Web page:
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Ruhet Genc

. B., & EIMERMANN, M. (2018), “International winter tourism entrepreneurs in northern Sweden: understanding migration, lifestyle, and business motivations”. Scandinavian Journal of Hospitality and Tourism , 18(2), pp. 183-198 CROUTIER, A. L. (1992), Taking the waters: spirit, art, sensuality . Abbeville Press DAMM, A., GREUELL, W., LANDGREN, O., & PRETTENTHALER, F. (2017), “Impacts of +2ºC global warming on winter tourism demand in Europe”. Climate Services , 7, pp. 31-46 ELSASSER, H., & BÜRKI, R. (2002), “Climate change as a threat to tourism

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Konrad Kubacki and Marcin Bągard

Pissarides C. (1992), Loss of skill during unemployment and the persistence of employment shocks, Quarterly Journal of Economics, 107, pp. 1371-1391 Pronzato C.D. (2009), Return to work after childbirth: does parental leave matter in Europe?, Review of Economics of the Household, 7(4), pp. 341-360 Pylkkänen E. and Smith N. (2004), Career interruptions due to parental leave, OECD Social, Employment and Migration Working Papers, No. 1, Paris: OECD Publishing Ruhm C.J. (1998), The Economic Consequences of Parental Leave Mandates: Lessons from Europe, Quarterly Journal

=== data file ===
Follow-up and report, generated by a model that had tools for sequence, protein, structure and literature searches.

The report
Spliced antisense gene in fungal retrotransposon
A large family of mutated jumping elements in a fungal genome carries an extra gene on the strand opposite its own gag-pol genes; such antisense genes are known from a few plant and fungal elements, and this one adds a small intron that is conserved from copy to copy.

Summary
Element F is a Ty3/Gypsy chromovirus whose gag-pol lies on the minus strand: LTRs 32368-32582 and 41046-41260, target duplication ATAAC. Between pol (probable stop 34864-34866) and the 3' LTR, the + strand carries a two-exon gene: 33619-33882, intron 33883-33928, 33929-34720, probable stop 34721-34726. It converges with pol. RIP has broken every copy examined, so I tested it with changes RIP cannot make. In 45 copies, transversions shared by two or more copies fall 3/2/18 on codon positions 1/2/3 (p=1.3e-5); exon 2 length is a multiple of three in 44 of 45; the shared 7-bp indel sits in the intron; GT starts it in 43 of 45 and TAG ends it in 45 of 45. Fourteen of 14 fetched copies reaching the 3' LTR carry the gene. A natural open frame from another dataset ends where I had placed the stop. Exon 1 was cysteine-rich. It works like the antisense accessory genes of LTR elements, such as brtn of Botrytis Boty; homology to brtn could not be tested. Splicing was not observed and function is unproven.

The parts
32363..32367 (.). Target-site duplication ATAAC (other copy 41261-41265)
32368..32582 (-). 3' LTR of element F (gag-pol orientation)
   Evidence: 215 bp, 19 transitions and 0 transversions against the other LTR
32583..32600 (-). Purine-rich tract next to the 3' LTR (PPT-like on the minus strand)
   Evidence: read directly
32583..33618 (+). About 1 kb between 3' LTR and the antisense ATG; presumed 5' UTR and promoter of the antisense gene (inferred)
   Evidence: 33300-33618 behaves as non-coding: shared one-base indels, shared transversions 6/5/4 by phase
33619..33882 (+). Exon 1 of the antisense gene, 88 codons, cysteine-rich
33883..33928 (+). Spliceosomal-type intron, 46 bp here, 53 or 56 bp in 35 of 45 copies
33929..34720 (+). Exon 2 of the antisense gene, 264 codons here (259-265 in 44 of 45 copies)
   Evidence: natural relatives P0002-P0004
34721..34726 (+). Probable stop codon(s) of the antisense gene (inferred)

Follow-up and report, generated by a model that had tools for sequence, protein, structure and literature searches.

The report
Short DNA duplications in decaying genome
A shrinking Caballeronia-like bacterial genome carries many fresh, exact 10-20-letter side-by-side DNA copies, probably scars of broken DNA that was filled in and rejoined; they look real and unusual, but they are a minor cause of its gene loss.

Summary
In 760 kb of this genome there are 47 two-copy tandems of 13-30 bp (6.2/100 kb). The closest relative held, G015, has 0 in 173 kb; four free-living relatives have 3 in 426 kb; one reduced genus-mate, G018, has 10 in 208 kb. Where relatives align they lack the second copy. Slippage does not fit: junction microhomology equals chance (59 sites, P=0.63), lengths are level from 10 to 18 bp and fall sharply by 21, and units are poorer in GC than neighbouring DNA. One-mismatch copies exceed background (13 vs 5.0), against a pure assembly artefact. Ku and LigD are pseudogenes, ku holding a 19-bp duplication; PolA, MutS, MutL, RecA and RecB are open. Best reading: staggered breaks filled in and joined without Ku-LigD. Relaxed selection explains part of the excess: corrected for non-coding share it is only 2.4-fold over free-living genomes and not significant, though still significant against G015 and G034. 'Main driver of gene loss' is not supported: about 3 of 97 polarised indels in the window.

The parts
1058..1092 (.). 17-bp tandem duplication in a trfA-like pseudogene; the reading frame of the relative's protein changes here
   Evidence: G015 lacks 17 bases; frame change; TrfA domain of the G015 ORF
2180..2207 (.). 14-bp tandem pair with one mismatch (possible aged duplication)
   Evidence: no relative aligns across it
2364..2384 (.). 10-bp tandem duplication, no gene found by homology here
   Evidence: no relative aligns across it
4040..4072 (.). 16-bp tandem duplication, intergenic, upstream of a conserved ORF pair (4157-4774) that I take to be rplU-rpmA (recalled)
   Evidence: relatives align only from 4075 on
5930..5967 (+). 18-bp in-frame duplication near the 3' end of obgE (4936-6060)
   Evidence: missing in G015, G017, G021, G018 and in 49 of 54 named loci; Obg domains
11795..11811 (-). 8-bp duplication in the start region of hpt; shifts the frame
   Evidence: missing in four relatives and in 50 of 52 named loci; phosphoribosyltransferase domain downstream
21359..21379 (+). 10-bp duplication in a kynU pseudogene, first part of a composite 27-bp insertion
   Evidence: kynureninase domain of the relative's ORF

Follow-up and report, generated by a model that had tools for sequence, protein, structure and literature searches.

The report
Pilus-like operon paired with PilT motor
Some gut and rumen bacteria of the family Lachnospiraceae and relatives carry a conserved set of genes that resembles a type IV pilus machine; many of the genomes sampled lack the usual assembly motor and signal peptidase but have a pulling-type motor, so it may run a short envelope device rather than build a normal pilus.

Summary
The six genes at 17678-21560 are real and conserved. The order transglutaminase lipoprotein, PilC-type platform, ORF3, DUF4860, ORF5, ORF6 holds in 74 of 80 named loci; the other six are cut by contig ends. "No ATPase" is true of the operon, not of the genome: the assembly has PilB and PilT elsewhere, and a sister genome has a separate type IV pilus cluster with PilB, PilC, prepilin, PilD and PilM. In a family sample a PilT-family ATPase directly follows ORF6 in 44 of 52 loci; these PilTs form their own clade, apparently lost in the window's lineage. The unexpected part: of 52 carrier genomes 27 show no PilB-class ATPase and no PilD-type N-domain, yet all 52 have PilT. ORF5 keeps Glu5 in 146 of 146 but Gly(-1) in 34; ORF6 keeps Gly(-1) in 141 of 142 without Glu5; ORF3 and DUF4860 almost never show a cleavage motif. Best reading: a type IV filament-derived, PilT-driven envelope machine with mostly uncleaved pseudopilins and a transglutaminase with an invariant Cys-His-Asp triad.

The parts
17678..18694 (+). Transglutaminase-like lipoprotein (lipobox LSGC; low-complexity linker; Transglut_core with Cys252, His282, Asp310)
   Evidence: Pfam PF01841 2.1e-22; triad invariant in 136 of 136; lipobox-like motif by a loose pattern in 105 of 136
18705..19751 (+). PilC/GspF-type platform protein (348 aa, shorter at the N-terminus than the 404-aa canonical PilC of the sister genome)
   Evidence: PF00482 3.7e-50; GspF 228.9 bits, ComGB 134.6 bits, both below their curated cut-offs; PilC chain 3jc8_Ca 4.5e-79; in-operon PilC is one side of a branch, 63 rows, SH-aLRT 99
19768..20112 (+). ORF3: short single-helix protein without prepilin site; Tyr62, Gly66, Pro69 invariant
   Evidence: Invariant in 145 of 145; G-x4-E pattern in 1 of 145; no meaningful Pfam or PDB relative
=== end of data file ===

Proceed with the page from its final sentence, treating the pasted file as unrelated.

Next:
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Beáta Farkas

mutual dependency between the capital exporter Western European and the capital importer CEE countries. The conflicts over migration between Western and Eastern EU member states since 2015 and the relation between Germany and the Visegrád countries in the Central European manufacturing core can also be interpreted in the framework of asymmetric interdependency. The examples of the Mediterranean model and dependent market economy show that it is a very difficult task to find the appropriate level of abstraction. The simplicity, the parsimony of a model, is very

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Andreas Nölke

two types of economies but also the geographical proximity and economic integration of the DMEs within the European Union. Too low wage levels are followed by large-scale migration, which has surfaced over the last decade as a major issue for these economies. Figure 4 Industrial relations: nominal monthly average wages in US$ (2016). Source: International Labour Organization/Statistics and Database, ILO- Global Wage Report SMEs can also capitalize on their low labor cost strategy by keeping social expenditures very low (the welfare system very often is

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Jakub Borowski, Jakub Olipra and Paweł Błaszyński

assumption in our research is that we consider only the effect of customs duties imposition on Polish exports and omit other potential effects resulting from Brexit, such as depreciation of the British currency, increase of transactional costs, a return migration of Poles, the reorientation of Polish exports to other markets, or reallocation of some British export-oriented companies to Poland. The negotiations concerning Brexit are not advanced enough to realistically predict the final arrangements. If we assume the Hard Brexit scenario, for the reasons given in Section 3